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View Poll Results: Choose one or more answers
Me 15 88.24%
Myself 2 11.76%
I 2 11.76%
Other 0 0%
Multiple Choice Poll. Voters: 17. You may not vote on this poll

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  #1  
Old 04-16-2012, 10:22 AM
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Doberluv Doberluv is offline
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Default The grammar police is up to her tricks again.

In this sentence, "If it were up to my husband and I, we'd build a green house." If you leave out "my husband" and only use the sentence with yourself in it, would you say, "If it were up to I?" Or would you say, "If it were up to me." ? So, therefore, (that's how you can test it without knowing the object/subject rule) which is correct? (in that part of the sentence) "If it were up to my husband and I" or "If it were up to my husband and me?" Here's another example: "Between my best friend and I, we consume a lot of coffee cake." Or is it..."Between my best friend and me, we consume a lot of coffee cake." "I" or "Me" ? Or in either example, would it be correct or acceptable to use "myself?"

I know the answer, but I was hoping you would answer. (no cheating and looking it up)
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  #2  
Old 04-16-2012, 10:26 AM
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Beanie Beanie is online now
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It's "me." You are correct. If you leave out "my husband" it's "if it were up to me I would build a greenhouse," therefore it's "my husband and me."

People just want to sound proper and say "my husband and I!"
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  #3  
Old 04-16-2012, 10:27 AM
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It would be me.
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Old 04-16-2012, 10:50 AM
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I concur. I have this argument with Paul all the time.
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Old 04-16-2012, 11:51 AM
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No need to argue with Paul Puppydog. You can show him this:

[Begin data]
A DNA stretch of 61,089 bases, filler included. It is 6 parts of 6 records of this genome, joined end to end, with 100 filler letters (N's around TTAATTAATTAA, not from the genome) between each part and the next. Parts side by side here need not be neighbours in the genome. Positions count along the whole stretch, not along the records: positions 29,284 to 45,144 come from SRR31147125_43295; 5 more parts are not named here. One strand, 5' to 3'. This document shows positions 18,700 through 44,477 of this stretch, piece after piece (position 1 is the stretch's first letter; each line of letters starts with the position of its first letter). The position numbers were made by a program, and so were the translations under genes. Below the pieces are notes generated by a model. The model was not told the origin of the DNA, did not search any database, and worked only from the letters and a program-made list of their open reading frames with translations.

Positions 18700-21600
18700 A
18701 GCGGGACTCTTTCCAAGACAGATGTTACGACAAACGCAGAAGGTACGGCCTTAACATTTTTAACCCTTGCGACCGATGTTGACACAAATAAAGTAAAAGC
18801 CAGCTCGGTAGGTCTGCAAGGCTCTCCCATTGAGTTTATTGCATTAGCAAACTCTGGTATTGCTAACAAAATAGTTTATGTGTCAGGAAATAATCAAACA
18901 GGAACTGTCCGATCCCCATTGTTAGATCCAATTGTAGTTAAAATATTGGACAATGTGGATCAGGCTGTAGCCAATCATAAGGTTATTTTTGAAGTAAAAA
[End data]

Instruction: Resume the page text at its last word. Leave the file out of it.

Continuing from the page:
I/ME/MYSELF



I like this little explanation:

In the old days when people studied traditional grammar, we could simply say, “The first person singular pronoun is ‘I’ when it’s a subject and ‘me’ when it’s an object,” but now few people know what that means. Let’s see if we can apply some common sense here. The misuse of “I” and “myself” for “me” is caused by nervousness about “me.” Educated people know that “Jim and me are goin’ down to slop the hogs,” is not elegant speech, not “correct.” It should be “Jim and I” because if I were slopping the hogs alone I would never say “Me is going. . . .” If you refer to yourself first, the same rule applies: It’s not “Me and Jim are going” but “I and Jim are going.”

So far so good. But the notion that there is something wrong with “me” leads people to overcorrect and avoid it where it is perfectly appropriate. People will say “The document had to be signed by both Susan and I” when the correct statement would be, “The document had to be signed by both Susan and me.”

All this confusion can easily be avoided if you just remove the second party from the sentences where you feel tempted to use “myself” as an object or feel nervous about “me.” You wouldn’t say, “The IRS sent the refund check to I,” so you shouldn’t say “The IRS sent the refund check to my wife and I” either.

Trying even harder to avoid the lowly “me,” many people will substitute “myself,” as in “the suspect uttered epithets at Officer O’Leary and myself.” Conservatives often object to this sort of use of “myself” when “me” or “I” would do. It’s usually appropriate to use “myself” when you have used “I” earlier in the same sentence: “I am not particularly fond of goat cheese myself.” “I kept half the loot for myself.” “Myself” is also fine in expressions like “young people like myself” or “a picture of my boyfriend and myself.” In informal English, beginning a sentence with “myself” to express an opinion is widely accepted: “Myself, I can’t stand dried parmesan cheese.” In all of these instances you are emphasizing your own role in the sentence, and “myself” helps do that.

On a related point, those who continue to announce “It is I” have traditional grammatical correctness on their side, but they are vastly outnumbered by those who proudly boast “it’s me!” There’s not much that can be done about this now. Similarly, if a caller asks for Susan and Susan answers “This is she,” her somewhat antiquated correctness is likely to startle the questioner into confusion.
http://public.wsu.edu/~brians/errors/myself.html

I do lots of things wrong. If someone says "who's there?" I doubt if I'd say, "tis I." Or "it is I." I most likely would say, "It's me! Let me in!" Some of these things eventually become so normal, the real grammar police let them slide. I still say, if someone telephones me and asks for me by name, "This is she." I'm so in the habit.

Here's another nifty link to some more in-depth stuff. I could sure use it. I know I get a lot of things screwed up. But not "I." lol. At least, not if I'm paying attention, which I'm not always.

http://www.grammar-monster.com/lesso...reposition.htm

Object of a Preposition






What follows a preposition?


Object of a Preposition